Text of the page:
Consolidation: Cancellation by a charter tour operator of one more flights associated with a specific charter departure or departure period, with the transfer of passengers to another charter flight or flights to depart on or near the same day. Also, selling the same tour with identical departure dates through a number of wholesalers, cooperatives, or other outlets in order to increase sales and reduce the possibility of tour cancellations.


Consortium: A collection of organizations made up of independently owned and managed agencies who band together to increase their buying power.


Consumer protection plan: A plan offered by a company and/or association that protects the customer’s deposits and payments from loss in the event of company bankruptcy.


Consumer: The actual user of a product or service. See also customer.


Consumption constraints: Issues that limit the number of people in a market who will purchase a product.


Continental breakfast: At a minimum, a beverage (coffee, tea, or milk) and rolls and toast, with fruit juice sometimes included.


Contract: A legally enforcable agreement between two or more parties.


Convenience sample: A collection of research subjects who are the easiest for the researcher to select.


Convention and Visitors Bureau (CVB): A nonprofit DMO that operates at the county and city level. A CVB typically encourages groups to hold meetings, conventions, and trade shows in its city.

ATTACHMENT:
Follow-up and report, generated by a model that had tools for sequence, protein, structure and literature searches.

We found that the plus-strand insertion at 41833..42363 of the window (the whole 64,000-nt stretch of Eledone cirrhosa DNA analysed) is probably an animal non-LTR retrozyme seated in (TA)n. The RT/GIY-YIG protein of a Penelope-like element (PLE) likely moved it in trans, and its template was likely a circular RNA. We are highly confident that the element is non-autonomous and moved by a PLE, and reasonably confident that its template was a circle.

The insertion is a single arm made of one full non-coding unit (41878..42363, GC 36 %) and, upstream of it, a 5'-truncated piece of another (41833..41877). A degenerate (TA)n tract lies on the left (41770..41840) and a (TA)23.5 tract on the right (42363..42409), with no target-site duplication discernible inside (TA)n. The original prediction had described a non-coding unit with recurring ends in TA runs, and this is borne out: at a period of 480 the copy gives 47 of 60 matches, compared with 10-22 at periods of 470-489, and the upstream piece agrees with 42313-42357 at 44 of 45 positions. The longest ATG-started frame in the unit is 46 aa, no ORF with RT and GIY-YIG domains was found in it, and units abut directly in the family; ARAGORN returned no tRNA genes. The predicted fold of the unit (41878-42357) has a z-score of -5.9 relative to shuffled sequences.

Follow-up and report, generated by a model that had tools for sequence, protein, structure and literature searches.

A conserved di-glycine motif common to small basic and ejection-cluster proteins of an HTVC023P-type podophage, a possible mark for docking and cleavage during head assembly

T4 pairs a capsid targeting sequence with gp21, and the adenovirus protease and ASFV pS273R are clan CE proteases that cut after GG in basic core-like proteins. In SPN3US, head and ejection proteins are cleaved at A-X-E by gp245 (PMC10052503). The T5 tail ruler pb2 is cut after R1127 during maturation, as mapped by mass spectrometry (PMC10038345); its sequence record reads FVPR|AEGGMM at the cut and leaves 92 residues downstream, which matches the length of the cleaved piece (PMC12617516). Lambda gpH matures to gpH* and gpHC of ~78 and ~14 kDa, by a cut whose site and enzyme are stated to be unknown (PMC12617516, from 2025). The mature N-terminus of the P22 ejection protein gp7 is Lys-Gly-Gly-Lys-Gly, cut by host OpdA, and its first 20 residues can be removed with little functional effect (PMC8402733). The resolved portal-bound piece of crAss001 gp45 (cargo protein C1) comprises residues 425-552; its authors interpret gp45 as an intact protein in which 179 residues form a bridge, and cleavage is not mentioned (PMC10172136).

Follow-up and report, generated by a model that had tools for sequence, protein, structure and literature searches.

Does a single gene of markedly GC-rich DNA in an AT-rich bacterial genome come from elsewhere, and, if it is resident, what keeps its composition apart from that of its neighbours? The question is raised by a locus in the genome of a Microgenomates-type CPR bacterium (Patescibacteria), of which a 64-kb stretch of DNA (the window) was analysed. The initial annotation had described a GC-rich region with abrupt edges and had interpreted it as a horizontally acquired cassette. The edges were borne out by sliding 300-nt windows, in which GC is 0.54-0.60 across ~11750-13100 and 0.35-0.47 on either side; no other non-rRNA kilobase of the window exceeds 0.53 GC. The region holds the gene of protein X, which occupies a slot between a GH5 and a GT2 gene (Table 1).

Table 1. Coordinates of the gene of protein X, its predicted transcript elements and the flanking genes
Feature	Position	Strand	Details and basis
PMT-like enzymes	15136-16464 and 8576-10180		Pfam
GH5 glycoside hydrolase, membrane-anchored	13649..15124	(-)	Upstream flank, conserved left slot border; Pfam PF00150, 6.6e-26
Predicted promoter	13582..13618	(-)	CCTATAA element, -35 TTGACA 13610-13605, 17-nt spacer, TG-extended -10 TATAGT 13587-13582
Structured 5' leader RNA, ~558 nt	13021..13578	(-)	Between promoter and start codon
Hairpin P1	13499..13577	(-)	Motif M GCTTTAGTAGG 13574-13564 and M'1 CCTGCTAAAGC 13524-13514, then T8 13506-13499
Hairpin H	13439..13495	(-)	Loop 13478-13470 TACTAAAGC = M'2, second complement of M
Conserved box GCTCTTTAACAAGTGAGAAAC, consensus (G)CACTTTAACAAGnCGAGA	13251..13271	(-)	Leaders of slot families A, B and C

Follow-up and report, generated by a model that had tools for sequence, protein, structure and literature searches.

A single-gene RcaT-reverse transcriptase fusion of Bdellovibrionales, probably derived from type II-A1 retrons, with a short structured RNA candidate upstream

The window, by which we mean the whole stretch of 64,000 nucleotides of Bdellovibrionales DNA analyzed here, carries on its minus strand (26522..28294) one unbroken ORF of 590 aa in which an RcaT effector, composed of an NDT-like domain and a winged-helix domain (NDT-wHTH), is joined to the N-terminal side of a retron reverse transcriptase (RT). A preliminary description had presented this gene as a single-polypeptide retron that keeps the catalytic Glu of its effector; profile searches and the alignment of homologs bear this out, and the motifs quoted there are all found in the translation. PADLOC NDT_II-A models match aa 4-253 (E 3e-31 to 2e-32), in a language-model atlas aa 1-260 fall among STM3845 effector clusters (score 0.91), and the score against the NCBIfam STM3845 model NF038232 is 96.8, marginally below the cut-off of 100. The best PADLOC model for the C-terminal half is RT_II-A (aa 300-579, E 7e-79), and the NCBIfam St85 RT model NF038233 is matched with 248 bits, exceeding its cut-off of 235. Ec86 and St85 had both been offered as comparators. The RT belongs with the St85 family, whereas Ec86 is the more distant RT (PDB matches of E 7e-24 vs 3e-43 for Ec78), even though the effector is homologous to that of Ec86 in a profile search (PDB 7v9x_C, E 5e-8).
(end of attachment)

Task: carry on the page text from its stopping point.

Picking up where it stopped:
Cooperative (co-op) advertising: An agreement between two parties to share the cost of placing an advertisement.


Co-op tour: Selling a tour through a number of wholesalers, cooperatives, or other outlets in order to increase sales and reduce the possibility of tour cancellations.


Costing: The process of itemizing and calculating all the costs the tour operator will pay on a given tour.


Cost-plus pricing: See markup pricing.


Coupon: See voucher.


Custom tour: A travel package created specifically for a preformed group or niche market.


Customer: The buyer of a product or service. See consumer.


Customs: The common term for U.S. Customs Service, the federal agency charged with collecting duty on specified items imported into the country. The agency also restricts the entry of forbidden items.

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Database: A computerized, organized collection of individual customer information.